There are five things I continuously plead to my kids when we go out for dinner: Leave your shoes on, stay in your chair, don’t yell, use your fork, and eat your dinner. On a recent visit to Kobe An in Cherry Creek North, I didn’t mutter any.
Kobe An isn’t new to Denver’s dining scene. The restaurant opened as Boulder’s first traditional Japanese eatery in 1979. After a stop in Lakewood and several other locations, the sushi bar and restaurant settled into the bustling Cherry Creek North neighborhood just over a year ago.
The entrance sits below street-level on Milwaukee Street, but the traditional Japanese ambiance will instantly draw you in. Beyond the sushi bar is the dining room, outlined with Tatami rooms, semi-private areas with low tables that include a sunken area below for your legs—perfect for a meal out with the kiddos.
It’s customary, and respectful, to remove your shoes before sitting down at the table, known as the zashiki. No shoes, no problem. My little ones scampered to their pillow seats and comfortably wiggled around during the entire meal without actually disrupting dinner. It’s no secret that a meal, or really anything, with toddlers isn’t quiet, but the three walls that surrounded our table allowed for their little voices to soar, rather than being hushed as to not interrupt other diners.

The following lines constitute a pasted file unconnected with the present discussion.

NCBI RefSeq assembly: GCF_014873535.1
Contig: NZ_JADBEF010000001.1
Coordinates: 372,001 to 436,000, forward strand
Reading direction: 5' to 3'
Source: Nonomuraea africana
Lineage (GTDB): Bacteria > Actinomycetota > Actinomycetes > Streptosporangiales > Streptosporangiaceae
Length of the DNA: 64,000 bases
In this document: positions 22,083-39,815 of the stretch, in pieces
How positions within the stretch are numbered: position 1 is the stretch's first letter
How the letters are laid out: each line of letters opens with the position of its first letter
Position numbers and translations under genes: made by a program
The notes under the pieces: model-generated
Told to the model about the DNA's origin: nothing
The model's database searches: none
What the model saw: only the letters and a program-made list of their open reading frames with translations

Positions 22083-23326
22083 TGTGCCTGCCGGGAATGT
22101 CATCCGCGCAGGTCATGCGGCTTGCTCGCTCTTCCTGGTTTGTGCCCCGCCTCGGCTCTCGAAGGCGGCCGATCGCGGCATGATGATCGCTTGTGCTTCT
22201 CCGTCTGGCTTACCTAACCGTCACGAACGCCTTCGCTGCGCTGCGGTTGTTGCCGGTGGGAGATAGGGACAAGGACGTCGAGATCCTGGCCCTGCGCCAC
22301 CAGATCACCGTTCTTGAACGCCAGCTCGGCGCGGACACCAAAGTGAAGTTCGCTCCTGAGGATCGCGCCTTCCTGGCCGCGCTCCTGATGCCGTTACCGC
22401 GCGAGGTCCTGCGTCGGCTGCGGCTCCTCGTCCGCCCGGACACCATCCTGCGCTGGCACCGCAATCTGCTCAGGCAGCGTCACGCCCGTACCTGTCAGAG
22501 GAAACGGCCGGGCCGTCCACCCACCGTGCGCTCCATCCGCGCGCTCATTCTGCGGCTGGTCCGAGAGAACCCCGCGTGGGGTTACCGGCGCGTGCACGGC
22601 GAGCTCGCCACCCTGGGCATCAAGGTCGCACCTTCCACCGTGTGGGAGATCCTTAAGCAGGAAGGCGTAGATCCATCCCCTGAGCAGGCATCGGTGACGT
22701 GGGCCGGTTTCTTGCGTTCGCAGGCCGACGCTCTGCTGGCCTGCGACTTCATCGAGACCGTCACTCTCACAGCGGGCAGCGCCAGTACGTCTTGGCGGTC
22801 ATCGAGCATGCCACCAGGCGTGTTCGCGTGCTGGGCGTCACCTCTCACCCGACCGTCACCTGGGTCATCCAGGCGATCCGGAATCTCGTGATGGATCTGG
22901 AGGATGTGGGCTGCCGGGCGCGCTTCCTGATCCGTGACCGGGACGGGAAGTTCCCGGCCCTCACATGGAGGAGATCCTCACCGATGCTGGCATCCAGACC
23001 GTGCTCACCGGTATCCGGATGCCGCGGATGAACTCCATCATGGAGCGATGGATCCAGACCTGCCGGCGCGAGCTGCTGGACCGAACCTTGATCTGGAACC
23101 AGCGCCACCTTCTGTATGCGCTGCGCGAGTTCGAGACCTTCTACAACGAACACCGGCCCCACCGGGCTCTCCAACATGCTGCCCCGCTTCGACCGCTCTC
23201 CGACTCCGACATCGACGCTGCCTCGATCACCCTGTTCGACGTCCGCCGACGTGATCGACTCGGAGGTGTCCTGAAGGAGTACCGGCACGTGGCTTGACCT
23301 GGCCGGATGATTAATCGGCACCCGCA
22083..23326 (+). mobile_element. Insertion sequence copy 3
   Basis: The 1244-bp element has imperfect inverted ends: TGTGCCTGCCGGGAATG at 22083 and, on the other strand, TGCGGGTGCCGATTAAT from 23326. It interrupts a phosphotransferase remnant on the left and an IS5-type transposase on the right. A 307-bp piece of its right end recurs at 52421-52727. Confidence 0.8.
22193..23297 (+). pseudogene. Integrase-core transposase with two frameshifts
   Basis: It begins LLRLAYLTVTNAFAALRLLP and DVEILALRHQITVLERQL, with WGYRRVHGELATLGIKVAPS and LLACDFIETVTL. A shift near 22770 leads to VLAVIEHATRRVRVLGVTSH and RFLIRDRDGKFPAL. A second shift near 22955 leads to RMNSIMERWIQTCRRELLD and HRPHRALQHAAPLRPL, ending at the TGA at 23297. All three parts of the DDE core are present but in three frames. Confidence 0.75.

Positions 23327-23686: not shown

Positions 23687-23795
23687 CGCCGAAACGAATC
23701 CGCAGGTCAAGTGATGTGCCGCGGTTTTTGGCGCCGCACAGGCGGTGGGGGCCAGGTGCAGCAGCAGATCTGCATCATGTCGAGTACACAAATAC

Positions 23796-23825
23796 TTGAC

Owner Kimie Loeffler, who hails from Kobe, Japan, stopped by our table to share insight on the menu, curated with her family’s recipes. My husband and I opted to share plates of tempura seafood and Japanese curry. My oldest daughter proclaimed that she wanted chicken nuggets, so we chose chicken teriyaki for both girls. The tender pieces of chicken were accompanied by fried rice, fresh strawberries, and my oldest’s favorite, edamame. Just teaching her how to say “eh-dah-ma-me” and separate the pod to find the “beans” was half the fun. And when she decided to dig into the fried rice, Loeffler didn’t even blink when we asked for a fork. She actually brought a perfect child-sized one.
As we slipped on our shoes after dinner, we walked passed two other Tatami rooms occupied by families with young children. Everyone seemed more at ease than a normal night out, likely because dinner at Kobe An is a fun experience for kids (not to mention the food is delicious). And before we could get out of Loeffler’s earshot at the door, the same kiddo who wanted chicken nuggets asked, “We’re coming back here, right?”
Cost: $$$ (Average entrée is $16–$25). Kids meals are $10 and include a soft drink. Children’s menu items include chicken teriyaki, a sushi plate, udon noodles in broth with shrimp tempura, and a ramen burger slider with croquette potato.
Parking: Free parking is available in the alley lot behind the restaurant after 6 p.m. on weekday nights and all weekend.
Try it: 231 Milwaukee St., 303-989-5907, kobean.com